A Buddhist preacher in Thailand has announced plans for new guidelines aimed at curbing the flamboyant behaviour of gay and transgender monks.

The "good manners" curriculum - the country's first - is being introduced in the northern province of Chiang Rai. The senior monk told the BBC he was particularly concerned by effeminate activities among novices such as the wearing of make-up and tight robes.

Senior monk Phra Maha Wudhijaya Vajiramedhi told the BBC he would address issues like smoking, drinking alcohol, walking and going to the toilet properly, which are all detailed in the traditional 75 Dharma principles of Buddhism, and the 227 precepts for monks. He was especially concerned, he said, by the flamboyant behaviour of gay and transgender monks, who can often be seen wearing revealingly tight robes, carrying pink purses and having effeminately-shaped eyebrows.

Thailand has a very large and visible population of transgender men, and Phra Vajiramedhi acknowledged that it was difficult to exclude them from the monkhood but he hoped his course could at least persuade them to curb their more extrovert habits. If successful, the "good manners" course, at the Novice Demonstration School, would be replicated at other Buddhist monasteries and seminaries, he said.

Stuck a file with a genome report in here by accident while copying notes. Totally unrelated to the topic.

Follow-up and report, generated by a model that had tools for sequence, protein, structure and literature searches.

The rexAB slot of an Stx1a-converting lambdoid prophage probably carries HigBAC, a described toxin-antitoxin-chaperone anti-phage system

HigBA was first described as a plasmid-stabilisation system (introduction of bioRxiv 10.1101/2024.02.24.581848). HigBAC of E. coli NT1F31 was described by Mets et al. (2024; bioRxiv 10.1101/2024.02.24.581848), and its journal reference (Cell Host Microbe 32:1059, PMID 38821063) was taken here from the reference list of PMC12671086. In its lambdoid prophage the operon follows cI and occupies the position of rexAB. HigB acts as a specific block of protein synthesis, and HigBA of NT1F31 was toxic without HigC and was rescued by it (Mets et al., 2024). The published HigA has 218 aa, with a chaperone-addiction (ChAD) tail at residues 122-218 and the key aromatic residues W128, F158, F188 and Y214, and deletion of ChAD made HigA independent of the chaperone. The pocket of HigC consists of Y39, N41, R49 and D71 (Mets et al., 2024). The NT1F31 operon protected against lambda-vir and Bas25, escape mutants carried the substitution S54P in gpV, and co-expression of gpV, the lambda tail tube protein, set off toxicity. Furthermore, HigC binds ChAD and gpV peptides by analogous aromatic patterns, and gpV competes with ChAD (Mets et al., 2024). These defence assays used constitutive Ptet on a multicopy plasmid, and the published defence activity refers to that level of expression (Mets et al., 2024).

Hmmm and I though Episcopalians were having troubles...



Do Unto Others...?

The more often Americans go to church, the more likely they are to support the torture of suspected terrorists, according to a new survey.More than half of people who attend services at least once a week -- 54 percent -- said the use of torture against suspected terrorists is "often" or "sometimes" justified. Only 42 percent of people who "seldom or never" go to services agreed, according to the analysis released Wednesday by the Pew Forum on Religion & Public Life.